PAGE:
Monday, May 3, 2010 8:01 AM

Cute Kittens Trying to Kill Each Other


Each year, we treat ourselves to one expensive wall calendar, the subject of which is "kittens". This one becomes the main calendar, hanging in the kitchen near the phone and getting lots of views. As we go through each month, we discuss which photos we like the best. Of course, they are all great - after all, they are pictures of kittens. But, invariably, we both pick favorites that have a unifying theme: Cute Kittens Trying to Kill Each Other.

As you may have guessed, these pictures involve kittens at play. Usually, there are two of them, probably siblings. One of the kittens is either ready for action, or totally clueless; the other is springing into attack mode. The other scenario is that one kitten is actively biting and mauling the other, most often with claws visible and and an ear in his mouth. We find these photos immensely entertaining, particularly since we have had kittens and know exactly what is going on here: Play with a purpose.

For all young animals, play is how they learn to get along in the world. The essence of communication is learned early in order that the caregiver will know what the youngster needs and wants. Human babies, for instance, make many sounds long before they learn speech, all of which are geared toward inspiring the parents to care for and ensure his/her survival. Animals don't "speak" per se, but learn communication skills the same way. They also need to learn how to stalk, hunt and kill prey in order to survive. That's where their siblings come in.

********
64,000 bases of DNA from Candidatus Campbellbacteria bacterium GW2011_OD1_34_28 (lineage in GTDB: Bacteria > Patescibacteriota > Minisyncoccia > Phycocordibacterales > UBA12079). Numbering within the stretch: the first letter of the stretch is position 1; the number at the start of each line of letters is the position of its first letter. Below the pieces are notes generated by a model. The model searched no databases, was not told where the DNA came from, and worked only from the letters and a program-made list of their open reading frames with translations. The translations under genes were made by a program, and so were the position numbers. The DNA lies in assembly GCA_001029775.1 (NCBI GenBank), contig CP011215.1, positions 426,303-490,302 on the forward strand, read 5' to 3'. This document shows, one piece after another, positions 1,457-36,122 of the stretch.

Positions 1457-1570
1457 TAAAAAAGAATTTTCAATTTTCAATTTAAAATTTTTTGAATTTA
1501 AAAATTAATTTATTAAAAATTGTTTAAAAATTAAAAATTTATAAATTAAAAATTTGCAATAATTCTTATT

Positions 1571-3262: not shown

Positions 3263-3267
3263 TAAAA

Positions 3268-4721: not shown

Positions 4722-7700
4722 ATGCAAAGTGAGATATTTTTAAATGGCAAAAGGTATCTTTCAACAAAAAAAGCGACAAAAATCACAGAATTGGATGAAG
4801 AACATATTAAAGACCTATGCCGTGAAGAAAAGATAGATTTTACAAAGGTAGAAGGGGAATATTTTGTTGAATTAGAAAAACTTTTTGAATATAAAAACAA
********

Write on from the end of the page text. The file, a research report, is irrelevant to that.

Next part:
Much of kitten play is geared toward the hunting process. At the same time, the issue of dominance is being determined. Note which kitten seems to be on "top" most of the time (hint: It will be a male if there is one in the group), and you will have a good idea of who is going to be Top Cat. This makes perfect sense, since the cat on top of the pile is most likely to be the best hunter and fighter, and thus more apt to be in demand with the ladies. It's all about procreation, after all!

Letting your kittens go crazy on each other is really fun to watch. Even though this activity is entertaining and necessary, however, it can get a little rough. Most of the time, no injuries are sustained during play-fighting, but sometimes, someone does get hurt. Corneal injuries are most common, since kittens flail at each other with claws extended. These usually heal with no lasting effects, but may necessitate a trip to the veterinarian.

Therefore, it is incumbent upon you to monitor this play to make sure it does not go too far. This will reap benefits later, as your kittens will have learned early to moderate their aggression. They will still learn what they need to know, and the dominance issue will naturally resolve itself. So don't feel guilty watching your kittens beat the crap out of each other - after all, it's only natural!
Chat later!

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Amanda
Amanda has worked with animals for many years and has always had cats in her life. She lives in Massachusetts with her husband and two excellent cats.
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